[Taxacom] GBIF & BHL

Stephen Thorpe stephen_thorpe at yahoo.co.nz
Mon Oct 13 15:04:55 CDT 2014


>From my perspective we spend a lot of effort making things that are attractive to users, but neglect to make them also appealing to machines<
Really? I've not seen much that I find attractive or appealing! Perhaps the priority should be not how it looks or feels (to man or machine), but how reliable the data is?

Stephen

--------------------------------------------
On Tue, 14/10/14, Roderic Page <Roderic.Page at glasgow.ac.uk> wrote:

 Subject: Re: [Taxacom] GBIF & BHL
 To: "taxacom at mailman.nhm.ku.edu" <taxacom at mailman.nhm.ku.edu>
 Cc: "Donald Hobern" <dhobern at gbif.org>
 Received: Tuesday, 14 October, 2014, 8:18 AM
 
 Dear Wolfgang,
 
 A couple of quick thoughts in
 response to your intriguing post (I should declare an
 interest, I’m currently chair of the GBIF Science
 Committee, and that committee is keenly aware of issues of
 data quality).
 
 BHL has
 indeed become a associate participant, although I’m not
 aware of plans to import BHL content directly into GBIF.
 Personally I think there is a lot of value in doing this,
 but as you note there are issues with combining approximate
 name recognition and approximate name matching.
 
 If you are generating clean
 lists of names and/or occurrences, then one way forward
 would be to add those directly to GBIF. There are mechanisms
 for directly publishing to GBIF, or via data journals such
 as Biodiversity Data Journal. That said, if the goal is to
 annotate and build on data available in the GBIF portal I
 agree we could  ae a lot better use of existing taxonomic
 expertise. One challenge is finding ways to best do this
 that makes it rewarding for people to invest the time needed
 to clean data.
 
 Regarding
 the species PDFs, one immediate concern is that PDFs are not
 ideal for further reprocessing. For example, the PDF you
 mention on the web site ( http://carabidfauna.net/ChaudoirM.pdf )
 has a list of papers that I would like to extract and add to
 BioStor (which means the articles listed would then within a
 week or so become identified as “parts” in BHL). As an
 example, I added http://biostor.org/reference/143864
 based on your PDF. This could be done much  more
 efficiently if, for example, you provided the metadata in a
 machine readable format, such as the Reference Manager (RIS)
 format. Indeed, if you were willing to do this, a lot of
 these articles could be quickly added to BioStor, and hence
 to BHL.
 
 From my perspective
 we spend a lot of effort making things that are attractive
 to users, but neglect to make them also appealing to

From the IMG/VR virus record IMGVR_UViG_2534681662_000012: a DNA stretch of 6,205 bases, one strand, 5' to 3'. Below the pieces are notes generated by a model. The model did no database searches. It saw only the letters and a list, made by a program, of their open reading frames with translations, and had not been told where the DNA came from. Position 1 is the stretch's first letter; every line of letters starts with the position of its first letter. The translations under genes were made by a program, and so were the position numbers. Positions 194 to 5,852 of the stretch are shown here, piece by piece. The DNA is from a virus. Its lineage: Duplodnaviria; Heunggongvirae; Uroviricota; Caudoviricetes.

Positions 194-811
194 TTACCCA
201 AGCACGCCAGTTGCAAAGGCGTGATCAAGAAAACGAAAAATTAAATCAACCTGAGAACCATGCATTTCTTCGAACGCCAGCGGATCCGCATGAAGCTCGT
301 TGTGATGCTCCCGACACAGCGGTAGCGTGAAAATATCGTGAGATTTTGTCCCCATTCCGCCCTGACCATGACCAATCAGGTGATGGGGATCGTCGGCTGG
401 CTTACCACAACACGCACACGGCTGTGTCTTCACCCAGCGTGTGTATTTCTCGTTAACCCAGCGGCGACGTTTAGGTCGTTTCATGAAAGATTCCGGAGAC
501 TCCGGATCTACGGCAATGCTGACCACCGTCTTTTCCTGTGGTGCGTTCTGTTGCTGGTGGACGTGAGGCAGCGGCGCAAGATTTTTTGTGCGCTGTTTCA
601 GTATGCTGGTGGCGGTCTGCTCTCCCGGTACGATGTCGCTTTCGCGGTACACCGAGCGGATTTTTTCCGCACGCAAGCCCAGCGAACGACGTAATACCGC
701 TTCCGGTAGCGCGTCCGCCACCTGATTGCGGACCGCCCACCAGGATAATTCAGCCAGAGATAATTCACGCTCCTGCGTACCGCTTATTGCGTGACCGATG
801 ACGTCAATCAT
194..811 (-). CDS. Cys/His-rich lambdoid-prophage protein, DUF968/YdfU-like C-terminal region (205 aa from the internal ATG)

machines - resulting in a missed opportunity to build upon
 these efforts and create even more useful products.
 
 Regards
 
 Rod
 
 ---------------------------------------------------------
 Roderic Page
 Professor of
 Taxonomy
 Institute of Biodiversity, Animal
 Health and Comparative Medicine
 College of
 Medical, Veterinary and Life Sciences
 Graham
 Kerr Building
 University of Glasgow
 Glasgow G12 8QQ, UK
 
 Email:  Roderic.Page at glasgow.ac.uk<mailto:Roderic.Page at glasgow.ac.uk>
 Tel:  +44 141 330 4778
 Skype:  rdmpage
 Facebook:  http://www.facebook.com/rdmpage
 LinkedIn:  http://uk.linkedin.com/in/rdmpage
 Twitter:  http://twitter.com/rdmpage
 Blog:  http://iphylo.blogspot.com
 ORCID:  http://orcid.org/0000-0002-7101-9767
 Citations:  http://scholar.google.co.uk/citations?hl=en&user=4Z5WABAAAAAJ
 ResearchGate https://www.researchgate.net/profile/Roderic_Page
 
 
 On 13 Oct
 2014, at 10:05, Wolfgang Lorenz <faunaplan at googlemail.com<mailto:faunaplan at googlemail.com>>
 wrote:
 
 Dear All,
 a few weeks ago, BHL has joined GBIF as an
 associate. Good news!
 And doesn't it
 underline, again, the urgency for more control by users?
 BHL's automatic name recognition is a
 fantastic tool when used with
 caution, but
 in combination with GBIF's "fuzzy taxon
 matches" it might
 produce so many more
 errors...
 
 GBIF does have
 excellent data! Sadly, many users will not see it because
 it
 takes an awful lot of time.
 'Manual work doesn't scale' is an
 often used argument for automatic data
 aggregation.
 Okay, but when
 it's available, why not use it?
 
 GBIF's official portal launch was in July
 2007. Since then, I was trying to
 follow
 GBIF's progress on the megadiverse family of ground
 beetles. That is:
 1) by the end of each
 year, download a complete dataset on Carabidae
 (almost 1 million last december);
 2) compare original verbatim names provided by
 the data providers with my
 own names
 database in order to spot & correct errors in GBIF's
 name
 interpretation.
 3)
 group all georeferenced records into squares (grid cells) on
 the WGS-84
 grid which I can display on a
 simple map for comparison with overview maps
 provided by GBIF.
 It takes time
 but it's not too difficult to do all that with my
 simple
 tools and limited programming skills.
 My latest results can be seen here:
 http://carabidfauna.com/CarabMap.php
 (download of Dec 2013).
 
 Putting all data into easy-to-use geospatial
 "boxes" has several
 advantages.
 E.g., I can get a checklist for each gridcell. And it
 might
 help in organizing a sort of data
 stewardship by users who know a region
 well
 and can spot errors earlier than others.
 
 Finally, taxon specialists might want to set up
 species-pages by putting
 together what they
 have: nomenclature, literature citations with BHL-links
 and an overview map
 (e.g.: http://carabidfauna.net/Orthotrichus_gilvipes.pdf
 ).
 Such species pages with authorship
 and time-stamp could then serve other
 users
 as a background for vetting data that are accessible through
 GBIF.
 Why not set up a persistent archive
 for such species PDFs?
 
 Best
 regards,
 Wolfgang
 
 ---------------------------------------
 
 Wolfgang Lorenz, Tutzing,
 Germany
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